“If you stop asking yourself whether or not you want to do a thing–and just do it because it’s right and good and part of the day–you find a certain freedom”
Deep breath. OK.
There’s something to be said for completing tasks and forgoing your feelings about it. Eventually, the emotions know they’re not in charge, and they behave.
Did you complete your “I Don’t Want to Do This List”?
A professor and I were dialoguing about students who say my least favorite expression:
This is pointless.
I put this comment in the same category as criticism and complaint. It’s easy. It’s our default state to ignore beauty, goodness, and complexity.
Anyone can say, “This is pointless.” It’s all pointless until we choose to dig into the matrix of a thing and uncover mystery and wonder and intricacy.
I say: Take the most pointless thing, the most boring thing, the most inconsequential thing, and find meaning there. Take it in your hands and exclaim, “Wow! Did you notice this? I have an amazing point to make about this thing.”
That’s what I’m really doing as an instructor and blogger; I’m training myself and others to make a point. There’s something to notice here. There’s something so deep here that when you press into it, you might just find the Glorious.
Maybe this is my simple defense of the humanities and the English major.
It’s not pointless. Nothing is.
What would you say to a student who looks at your assignment and says, “This is pointless”?
As I clean my home today, I realize that whatever I set on the ground (blankets, coats, pillows, duvets), my cats assume it’s a place of rest.
Even when I sit down, they assume my lap is a resting place. It’s funny that they actually believe I’m walking around for the express purpose of creating resting places for them. And they don’t discriminate; a bumpy backpack suits as well as a fluffy feathered duvet.
Here’s another place to rest. And another. Oh, look, there’s another!
Psalm 23 resonates in my mind that God does perhaps move about with the express purpose of creating resting places. God says to come to Him and He “gives rest.” I’m told our hearts are “at rest in His presence” and that God provides “undisturbed places of rest.”
I look down at those cats who quickly, gladly, and indiscriminately receive places of rest. Whatever strange burden is flung across their path, their immediate response is to use that obstacle as a place of rest. If God is in the business of leading me to resting places, then might I see my own blocked path differently?
This obstacle–this strange burden on the path–just might be my resting place if I let it–if I receive it as such.
Did you rest today?
The sun comes out again after so many dreary days. At after-school pick up, the parents gather in front of the school to retrieve their children.
The school doors open, and one little boy races–and I mean races–outside with his head fully tilted up towards that sun. A sea of parents and faculty part as he barrels on through them.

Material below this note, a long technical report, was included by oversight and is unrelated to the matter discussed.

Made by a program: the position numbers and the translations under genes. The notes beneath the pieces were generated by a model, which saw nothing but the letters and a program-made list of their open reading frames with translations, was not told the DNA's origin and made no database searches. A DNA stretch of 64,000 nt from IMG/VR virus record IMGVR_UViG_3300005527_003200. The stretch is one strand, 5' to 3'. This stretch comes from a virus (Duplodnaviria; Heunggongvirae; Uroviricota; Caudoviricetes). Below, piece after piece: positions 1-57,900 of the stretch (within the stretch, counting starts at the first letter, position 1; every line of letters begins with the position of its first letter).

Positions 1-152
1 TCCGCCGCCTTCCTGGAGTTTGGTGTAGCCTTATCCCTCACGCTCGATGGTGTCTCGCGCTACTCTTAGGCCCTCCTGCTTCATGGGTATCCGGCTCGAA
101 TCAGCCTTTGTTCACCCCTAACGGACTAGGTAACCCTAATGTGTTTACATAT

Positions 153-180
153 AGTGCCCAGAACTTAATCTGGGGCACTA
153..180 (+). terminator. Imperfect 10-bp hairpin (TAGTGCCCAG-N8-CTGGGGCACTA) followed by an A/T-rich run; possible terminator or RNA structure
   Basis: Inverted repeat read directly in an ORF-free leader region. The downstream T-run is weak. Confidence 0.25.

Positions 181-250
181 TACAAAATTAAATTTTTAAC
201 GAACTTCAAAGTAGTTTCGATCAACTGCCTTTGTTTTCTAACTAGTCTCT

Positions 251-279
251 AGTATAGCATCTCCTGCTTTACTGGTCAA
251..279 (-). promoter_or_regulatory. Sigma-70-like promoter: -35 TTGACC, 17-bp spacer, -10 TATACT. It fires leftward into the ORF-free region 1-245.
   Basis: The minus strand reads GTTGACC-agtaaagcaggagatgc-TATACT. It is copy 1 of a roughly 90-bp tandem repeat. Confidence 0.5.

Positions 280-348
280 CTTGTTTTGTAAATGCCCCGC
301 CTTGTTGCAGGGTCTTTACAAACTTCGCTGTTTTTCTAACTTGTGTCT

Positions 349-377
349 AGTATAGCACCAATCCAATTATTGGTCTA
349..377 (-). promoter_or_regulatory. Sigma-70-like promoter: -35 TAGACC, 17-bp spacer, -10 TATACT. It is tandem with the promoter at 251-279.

He’s galloping now and casting off whatever hinders him: backpack, jacket, and even shoes were it not for the warning of his father to keep his clothing on.
He’s off running to nowhere in particular. He’s enjoying the ever-so-slight variation in winter temperature and cloud covering; the sunshine means it’s a different kind of day.
I love his response to even a little bit of warmth and light. He feels it fully and takes off anything that blocks that sun’s arrival on his wintered skin. Not even people stand in his way.
I want to be that eager, that receptive. I want to gallop out the doors and let the sun shine on me.
Do you remember leaving school on sunny days?
It’s a slow day around here; I’m fighting a cold, and all I can think about is delicious chicken-n-rice soup. I cut up two chicken breasts and throw them in a pot of chicken broth with a bag of frozen mixed vegetables, lots of salt and pepper, some thyme, some cooked rice, and of course. . .
The bay leaf!
After an hour or so, I’m eating the most delicious soup, and I start thinking about that little bay leaf. What does it do, anyway? Why did my mom always put them in soups and sauces but remove them before anyone could accidentally eat them?
I find a home economics site that answers all my questions about the poor, misunderstood bay leaf. To summarize, the bay leaf adds a subtle but absolutely necessary flavor. Without it, you definitely notice. The soups and stews fall flat. The roast doesn’t pop. The sauce doesn’t sing.
Folks remove the bay leaf because it irritates the digestive tract if you eat it.
I also learn this: You can fragrance a home with a lovely woodsy smell if you simmer water with bay leaves. You can also stick one inside a potato, bake it, and then enjoy a flavored baked potato. Check out the home economics site to get all sorts of recipes with bay leaves.
So I think about that essential but subtle bay leaf (that’s also dangerous if consumed). It reminds me of essential things–although subtle–that hold a certain power. Prayer, for example, so very subtle and yet, it changes something.
I love that little bay leaf.
Do your recipes include bay leaves?
Driving into campus today on the icy, snow-covered roads, I find myself skidding.
I remember my Driver’s Education teacher’s words:
“Do exactly the opposite of what your instincts demand; turn in the direction of the spin and accelerate.”
What? Go faster? In the direction of the spin? Surely, you must be kidding.
It’s true. The car rights itself this way. I accelerate and turn where the car skids, and I find I’m free of the danger.
What if God wants me to move in the direction of my greatest fear–accelerating towards the very thing that frightens me–in order to right myself?
I turn into the spin and pick up speed. I face it and find myself free.
Have you ever moved into the direction of your fear and found yourself free?